When we were in California, we dropped in on the Grauman’s Chinese Theatre in Hollywood. It is arguably the most famous Cinema in the world and has hosted hundreds of Premieres since it opened on May 18th 1927.
By co-incidence, we were there exactly 82 years later and we signed up for a “VIP Tour”, a chance to see “backstage”.
Of course, it isn’t really backstage at all, or even behind the scenes, as we didn’t go anywhere that the paying public would not also be able to access. It was a chance, however, to have a guided tour round the foyers and a quick peek into the auditorium, as well as the “VIP lounge” in the nearby Mann’s Chinese 6 (a modern multiplex) and a sit in a D-Box chair, theme park meets flea pit!
Our knowledgeable guide handed out headsets with belt packs and my first thought was that it was some form of recorded commentary. It was actually a radio based personal PA system so we could hear everything he said to us over his boom Mic (unless we lagged too far behind).
The cinema is unusual in that it has a frontage set back from the road forming a large paved elliptical area. It is designed as a Chinese temple and I’m not certain that Syd Grauman actually indended it to become the tourist trap it is today with the “Forecourt of the stars” (Intended or not, it was a brilliant piece of marketing though, even if it does sound like a celebrity petrol station).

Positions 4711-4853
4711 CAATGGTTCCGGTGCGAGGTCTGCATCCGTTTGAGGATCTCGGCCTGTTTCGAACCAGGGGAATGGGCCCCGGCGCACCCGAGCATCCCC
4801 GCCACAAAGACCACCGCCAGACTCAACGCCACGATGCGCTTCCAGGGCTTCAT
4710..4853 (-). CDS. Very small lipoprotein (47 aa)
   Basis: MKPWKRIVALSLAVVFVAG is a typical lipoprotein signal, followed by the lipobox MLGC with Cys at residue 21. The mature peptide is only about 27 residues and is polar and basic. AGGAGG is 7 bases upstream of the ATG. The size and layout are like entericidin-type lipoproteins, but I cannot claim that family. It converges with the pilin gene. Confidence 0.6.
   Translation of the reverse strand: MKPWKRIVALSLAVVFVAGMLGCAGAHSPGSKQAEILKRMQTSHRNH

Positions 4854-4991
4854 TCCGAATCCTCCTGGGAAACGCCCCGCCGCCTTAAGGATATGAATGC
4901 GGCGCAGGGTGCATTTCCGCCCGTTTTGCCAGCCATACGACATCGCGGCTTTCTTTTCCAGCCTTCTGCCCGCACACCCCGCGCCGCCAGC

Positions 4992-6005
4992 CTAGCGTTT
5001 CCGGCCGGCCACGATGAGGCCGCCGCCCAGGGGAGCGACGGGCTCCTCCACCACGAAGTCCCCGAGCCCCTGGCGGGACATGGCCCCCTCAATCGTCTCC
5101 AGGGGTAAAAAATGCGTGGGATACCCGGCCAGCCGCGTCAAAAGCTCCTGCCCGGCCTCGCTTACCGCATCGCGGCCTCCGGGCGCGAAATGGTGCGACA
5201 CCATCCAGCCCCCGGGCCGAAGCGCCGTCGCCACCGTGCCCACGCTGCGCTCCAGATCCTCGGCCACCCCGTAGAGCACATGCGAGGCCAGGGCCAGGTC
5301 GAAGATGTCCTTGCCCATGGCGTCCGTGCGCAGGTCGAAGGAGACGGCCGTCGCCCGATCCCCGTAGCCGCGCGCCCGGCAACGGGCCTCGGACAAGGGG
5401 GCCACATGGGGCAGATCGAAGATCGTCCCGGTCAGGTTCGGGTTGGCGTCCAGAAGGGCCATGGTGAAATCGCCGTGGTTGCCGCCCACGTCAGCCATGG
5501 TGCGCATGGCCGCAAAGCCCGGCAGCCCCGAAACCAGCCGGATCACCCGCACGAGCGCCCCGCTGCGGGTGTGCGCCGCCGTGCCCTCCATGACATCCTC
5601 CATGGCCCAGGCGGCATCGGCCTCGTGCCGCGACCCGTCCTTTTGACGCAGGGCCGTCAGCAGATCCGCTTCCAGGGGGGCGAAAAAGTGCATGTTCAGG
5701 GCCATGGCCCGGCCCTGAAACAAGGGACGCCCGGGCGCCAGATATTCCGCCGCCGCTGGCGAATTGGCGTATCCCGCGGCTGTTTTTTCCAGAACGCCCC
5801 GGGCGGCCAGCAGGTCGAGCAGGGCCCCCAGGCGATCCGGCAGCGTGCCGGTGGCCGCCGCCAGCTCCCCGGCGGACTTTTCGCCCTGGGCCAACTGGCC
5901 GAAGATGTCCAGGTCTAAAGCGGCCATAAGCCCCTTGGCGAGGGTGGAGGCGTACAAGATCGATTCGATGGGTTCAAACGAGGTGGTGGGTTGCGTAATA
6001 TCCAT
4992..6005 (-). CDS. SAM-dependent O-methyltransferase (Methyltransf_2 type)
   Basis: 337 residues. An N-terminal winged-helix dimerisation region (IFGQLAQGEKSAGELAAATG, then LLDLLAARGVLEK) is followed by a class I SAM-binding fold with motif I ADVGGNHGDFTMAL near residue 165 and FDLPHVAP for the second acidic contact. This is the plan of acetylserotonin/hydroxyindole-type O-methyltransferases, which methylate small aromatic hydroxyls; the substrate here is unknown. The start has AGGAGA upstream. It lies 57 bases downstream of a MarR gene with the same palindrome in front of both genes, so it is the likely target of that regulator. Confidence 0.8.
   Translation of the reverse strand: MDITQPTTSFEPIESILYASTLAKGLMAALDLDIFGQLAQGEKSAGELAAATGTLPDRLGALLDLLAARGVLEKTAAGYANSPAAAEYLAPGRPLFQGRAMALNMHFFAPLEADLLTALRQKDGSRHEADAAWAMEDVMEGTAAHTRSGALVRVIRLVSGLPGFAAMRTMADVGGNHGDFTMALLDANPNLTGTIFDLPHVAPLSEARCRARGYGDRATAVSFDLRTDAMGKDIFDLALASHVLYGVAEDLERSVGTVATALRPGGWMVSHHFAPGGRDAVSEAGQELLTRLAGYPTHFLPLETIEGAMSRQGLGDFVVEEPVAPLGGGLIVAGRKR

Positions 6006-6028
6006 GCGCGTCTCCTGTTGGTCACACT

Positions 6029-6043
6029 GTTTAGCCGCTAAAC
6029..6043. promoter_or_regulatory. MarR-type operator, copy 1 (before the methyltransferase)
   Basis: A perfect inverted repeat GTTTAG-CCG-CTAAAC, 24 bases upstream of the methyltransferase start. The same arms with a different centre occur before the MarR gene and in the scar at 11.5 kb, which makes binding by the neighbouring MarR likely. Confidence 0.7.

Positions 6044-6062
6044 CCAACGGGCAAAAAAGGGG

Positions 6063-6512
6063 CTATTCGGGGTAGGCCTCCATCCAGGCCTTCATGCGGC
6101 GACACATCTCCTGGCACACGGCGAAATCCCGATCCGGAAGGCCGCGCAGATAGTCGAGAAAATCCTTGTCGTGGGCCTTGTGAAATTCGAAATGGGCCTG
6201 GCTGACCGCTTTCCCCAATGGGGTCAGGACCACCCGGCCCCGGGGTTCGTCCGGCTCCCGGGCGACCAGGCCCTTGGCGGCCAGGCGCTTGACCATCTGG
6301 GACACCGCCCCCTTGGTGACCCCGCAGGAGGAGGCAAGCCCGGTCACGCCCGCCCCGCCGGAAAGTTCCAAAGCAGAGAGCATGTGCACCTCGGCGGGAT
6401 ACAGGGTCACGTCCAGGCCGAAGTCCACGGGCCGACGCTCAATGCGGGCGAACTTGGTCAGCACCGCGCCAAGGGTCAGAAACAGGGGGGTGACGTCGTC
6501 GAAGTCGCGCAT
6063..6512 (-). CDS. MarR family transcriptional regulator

Having seen the Disney reconstruction in Florida, I can remember visiting the Hollywood one some 12 years ago and being somewhat disappointed to see a rather out-of-place rectangular opening hacked into one of the side walls, with a cheap sign above showing the way to the car park. That opening is still there but it has been much played down architecturally as it only leads to a fire exit corridor and the wall of a large construction site to the left of the Cinema. To the right, a large shopping centre has now been built, which also houses the Manns Chinese six.
Entering the lobby of the theatre, a rather visually jarring refreshment counter betrays that it was formerly part of the back stalls, with richly elaborate fibrous plaster cross-shaped medallions on the ceiling.
We were led quietly through the darkened auditorium- Wolverine was showing on the huge 90′ screen! It was much bigger than I was expecting, although it now only seats 1,200 or so. (It doesn’t have a balcony, but did/does have private boxes upstairs).
They let me come back later in the interval though, to take this snap.
Whilst it has lost much detail over the years, what remains is still very striking.
Much more of the history and vintage photos here.